Steven Floyd Voss Attorney General/Carson City
Steven Floyd Voss
Attorney General/Carson City
ORDER OF AFFIRMANCE
This is a proper person appeal from a district court order granting summary judgment in part and dismissing in part a tort action. Sixth Judicial District Court, Pershing County; Michael Montero, Judge.
Initially, with regard to the summary judgment of appellant's claim related to the destruction of certain photographs and personal papers, we conclude that appellant failed to establish a genuine issue of material fact regarding whether he was entitled to relief. See Wood v. Safeway, Inc., 121 Nev. 724, 729, 121 P.3d 1026, 1029 (2005) (explaining that, after a de novo review, this court will affirm a summary judgment if the record, viewed in the light most favorable to the nonmoving party, shows that there are no genuine issues of material fact in dispute and the moving party is entitled to judgment as a matter of law). Appellant contends that he raised a genuine issue of material fact with regard to whether he had exhausted his administrative remedies concerning this claim by submitting copies of grievances addressing the destruction of his photographs and personal papers, which he claimed lacked log numbers and responses because respondents had failed to answer them. See NRS 41.0322(1) (providing that an incarcerated person may not proceed with any action against the Nevada Department of Corrections or its agents for the loss of personal property unless the person has first exhausted administrative remedies). The record evidence, however, included other grievances filed by appellant discussing a related matter, after he allegedly filed the unlogged grievances. These other grievances, which did contain log numbers and responses, did not include any indication that appellant had a claim regarding his photographs and personal papers or that he had previously attempted to file grievances that had been ignored. Thus, even viewing the evidence in the light most favorable to appellant, he did not establish a genuine issue of material fact with regard to whether he had exhausted his administrative remedies on the personal papers and photographs claim. See Wood, 121 Nev. at 729, 121 P.3d at 1029;see also NRS 41.0322(1).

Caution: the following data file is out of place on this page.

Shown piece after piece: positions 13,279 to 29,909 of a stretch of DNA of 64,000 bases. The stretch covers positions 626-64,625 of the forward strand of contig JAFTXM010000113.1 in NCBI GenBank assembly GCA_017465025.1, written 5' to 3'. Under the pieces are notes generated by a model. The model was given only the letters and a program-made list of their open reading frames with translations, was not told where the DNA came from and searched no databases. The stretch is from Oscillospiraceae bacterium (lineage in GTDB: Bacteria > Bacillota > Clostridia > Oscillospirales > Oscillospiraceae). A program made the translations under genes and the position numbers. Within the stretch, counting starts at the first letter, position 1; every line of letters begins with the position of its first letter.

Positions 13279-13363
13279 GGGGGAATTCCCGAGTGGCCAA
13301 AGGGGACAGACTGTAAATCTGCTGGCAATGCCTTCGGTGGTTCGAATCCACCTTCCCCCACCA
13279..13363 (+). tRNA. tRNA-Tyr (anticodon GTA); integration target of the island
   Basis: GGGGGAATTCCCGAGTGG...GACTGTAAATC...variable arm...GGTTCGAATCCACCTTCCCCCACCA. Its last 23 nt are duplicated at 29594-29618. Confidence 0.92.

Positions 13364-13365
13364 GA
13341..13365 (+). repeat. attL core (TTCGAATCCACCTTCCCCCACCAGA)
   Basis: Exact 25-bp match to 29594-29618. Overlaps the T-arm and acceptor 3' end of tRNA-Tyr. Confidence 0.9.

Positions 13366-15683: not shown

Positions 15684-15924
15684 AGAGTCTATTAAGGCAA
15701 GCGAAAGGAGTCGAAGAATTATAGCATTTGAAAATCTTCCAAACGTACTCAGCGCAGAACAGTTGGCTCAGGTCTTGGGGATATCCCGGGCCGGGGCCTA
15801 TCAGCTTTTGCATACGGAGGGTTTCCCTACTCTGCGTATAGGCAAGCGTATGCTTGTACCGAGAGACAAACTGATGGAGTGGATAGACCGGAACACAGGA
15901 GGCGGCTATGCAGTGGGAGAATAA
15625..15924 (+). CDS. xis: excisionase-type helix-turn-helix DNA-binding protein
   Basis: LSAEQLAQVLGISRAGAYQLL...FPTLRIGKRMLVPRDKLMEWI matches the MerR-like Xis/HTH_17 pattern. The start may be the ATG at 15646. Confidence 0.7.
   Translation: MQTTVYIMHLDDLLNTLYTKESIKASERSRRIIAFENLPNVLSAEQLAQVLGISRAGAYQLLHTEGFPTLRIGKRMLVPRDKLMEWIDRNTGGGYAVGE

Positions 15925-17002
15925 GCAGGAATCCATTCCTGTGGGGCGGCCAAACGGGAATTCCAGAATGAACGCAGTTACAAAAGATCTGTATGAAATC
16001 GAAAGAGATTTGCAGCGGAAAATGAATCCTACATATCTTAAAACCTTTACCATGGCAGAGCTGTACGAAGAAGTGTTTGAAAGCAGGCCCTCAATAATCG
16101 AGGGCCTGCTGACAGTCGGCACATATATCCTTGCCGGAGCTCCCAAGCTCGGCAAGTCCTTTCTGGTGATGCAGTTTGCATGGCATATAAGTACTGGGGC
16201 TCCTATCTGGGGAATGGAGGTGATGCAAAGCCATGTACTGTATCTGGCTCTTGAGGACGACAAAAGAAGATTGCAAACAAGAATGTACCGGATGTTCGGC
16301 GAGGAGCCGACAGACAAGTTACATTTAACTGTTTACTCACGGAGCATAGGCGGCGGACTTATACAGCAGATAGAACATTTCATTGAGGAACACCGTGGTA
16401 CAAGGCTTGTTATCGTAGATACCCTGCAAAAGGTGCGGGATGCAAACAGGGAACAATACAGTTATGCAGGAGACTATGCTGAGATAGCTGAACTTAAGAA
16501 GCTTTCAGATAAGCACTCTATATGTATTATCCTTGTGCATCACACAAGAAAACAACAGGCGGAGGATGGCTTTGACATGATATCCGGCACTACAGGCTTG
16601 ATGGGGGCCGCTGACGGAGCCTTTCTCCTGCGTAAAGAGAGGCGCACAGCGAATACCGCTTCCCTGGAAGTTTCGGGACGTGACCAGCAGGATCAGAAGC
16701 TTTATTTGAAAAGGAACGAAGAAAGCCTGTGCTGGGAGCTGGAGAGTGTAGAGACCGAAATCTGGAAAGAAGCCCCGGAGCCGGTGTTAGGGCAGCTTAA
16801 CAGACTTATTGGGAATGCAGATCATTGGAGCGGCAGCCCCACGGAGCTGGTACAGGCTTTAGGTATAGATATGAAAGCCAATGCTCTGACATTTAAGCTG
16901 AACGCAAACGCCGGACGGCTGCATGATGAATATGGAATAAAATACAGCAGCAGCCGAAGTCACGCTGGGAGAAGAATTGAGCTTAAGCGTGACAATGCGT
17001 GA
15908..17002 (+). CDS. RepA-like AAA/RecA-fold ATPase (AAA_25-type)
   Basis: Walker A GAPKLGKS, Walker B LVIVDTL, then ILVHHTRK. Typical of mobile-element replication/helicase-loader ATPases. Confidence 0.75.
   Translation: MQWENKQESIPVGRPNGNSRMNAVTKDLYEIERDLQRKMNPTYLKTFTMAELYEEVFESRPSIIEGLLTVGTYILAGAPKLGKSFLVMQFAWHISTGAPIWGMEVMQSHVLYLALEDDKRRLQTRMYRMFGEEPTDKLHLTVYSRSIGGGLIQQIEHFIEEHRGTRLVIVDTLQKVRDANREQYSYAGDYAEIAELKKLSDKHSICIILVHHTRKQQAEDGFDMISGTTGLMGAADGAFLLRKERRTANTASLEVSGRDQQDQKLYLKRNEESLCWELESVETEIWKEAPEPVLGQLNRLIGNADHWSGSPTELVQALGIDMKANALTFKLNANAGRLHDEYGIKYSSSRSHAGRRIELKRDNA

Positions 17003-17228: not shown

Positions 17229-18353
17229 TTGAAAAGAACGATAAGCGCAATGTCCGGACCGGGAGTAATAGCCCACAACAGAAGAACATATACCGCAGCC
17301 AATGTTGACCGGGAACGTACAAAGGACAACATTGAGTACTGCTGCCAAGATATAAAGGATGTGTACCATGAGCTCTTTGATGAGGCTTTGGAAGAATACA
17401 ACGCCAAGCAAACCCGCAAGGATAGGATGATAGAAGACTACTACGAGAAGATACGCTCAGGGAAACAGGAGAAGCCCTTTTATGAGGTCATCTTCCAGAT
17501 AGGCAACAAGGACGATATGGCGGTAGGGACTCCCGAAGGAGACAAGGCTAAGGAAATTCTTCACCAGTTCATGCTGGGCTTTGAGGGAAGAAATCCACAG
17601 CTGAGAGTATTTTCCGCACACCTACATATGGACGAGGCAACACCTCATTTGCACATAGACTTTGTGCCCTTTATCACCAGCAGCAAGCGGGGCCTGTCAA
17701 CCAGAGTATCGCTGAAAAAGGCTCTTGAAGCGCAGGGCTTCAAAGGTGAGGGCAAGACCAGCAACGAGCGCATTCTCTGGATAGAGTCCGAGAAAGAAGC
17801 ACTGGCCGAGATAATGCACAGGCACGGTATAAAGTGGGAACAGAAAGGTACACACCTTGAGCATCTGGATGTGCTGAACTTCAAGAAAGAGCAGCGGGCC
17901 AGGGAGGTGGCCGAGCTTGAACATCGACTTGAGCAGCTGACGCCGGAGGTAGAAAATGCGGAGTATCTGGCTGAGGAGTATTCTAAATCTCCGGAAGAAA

As to the dismissal of appellant's claim that prison officers improperly destroyed his legal documents, the district court did not err when it determined that appellant's claim did not reach the amount necessary to establish jurisdiction in the district court. See NRS 4.370(l)(b) (providing that the justice court has jurisdiction over claims where the damages are less than $10,000). In his grievances underlying this claim, appellant asserted that his legal papers were worth $6,000. He also previously filed an action based on the same set of facts and alleging that the value of the destroyed documents was $6,000. That action was dismissed for lack of jurisdiction, and this court affirmed the dismissal, concluding that appellant could not have cured the jurisdictional defect, as it would have been “difficult, if not impossible” for appellant to allege damages in excess of $10,000. See Voss v. Valester, Docket No. 52610 (Order of Affirmance, March 27, 2009).
In the present action, appellant offered no explanation as to why the value of his legal papers now exceeds $10,000. Thus, based on appellant's assertions in his grievances and the previous action, the district court correctly concluded that the amount in controversy was insufficient to establish its jurisdiction as to this claim. See Morrison v. Beach City LLC, 116 Nev. 34, 38, 991 P.2d 982, 984 (2000) (explaining that when a court concludes to a legal certainty that the plaintiff cannot recover the jurisdictional amount, dismissal for want of jurisdiction is appropriate). Moreover, as appellant's previous complaint did not include a claim for injunctive relief and because an injunction is not an appropriate remedy here, see Czipott v. Fleigh, 87 Nev. 496, 498–99, 489 P.2d 681, 683 (1971) (explaining that injunctive relief is not an available remedy when a party has an adequate legal remedy whereby damages may be assessed and recovered), it appears that appellant's general request for injunctive relief to “prevent future undue seizures” was improperly added solely to invoke the district court's jurisdiction following this court's affirmance of the prior dismissal of his claims. See Edwards v. Emperor's Garden Rest., 122 Nev. 317, 324, 130 P.3d 1280, 1284 (2006) (recognizing the impropriety of including a claim for injunctive relief solely to invoke the district court's jurisdiction). Thus, the district court did not err by dismissing this claim. Accordingly, we
Appellant's argument that the district court should have transferred jurisdiction to the justice court lacks merit because, once the district court concluded that it lacked jurisdiction, it had no duty to transfer the action. See NRS 3.221 (stating that when a district court concludes that the justice court has jurisdiction, it may transfer the action to the justice court).
ORDER the judgment of the district court AFFIRMED.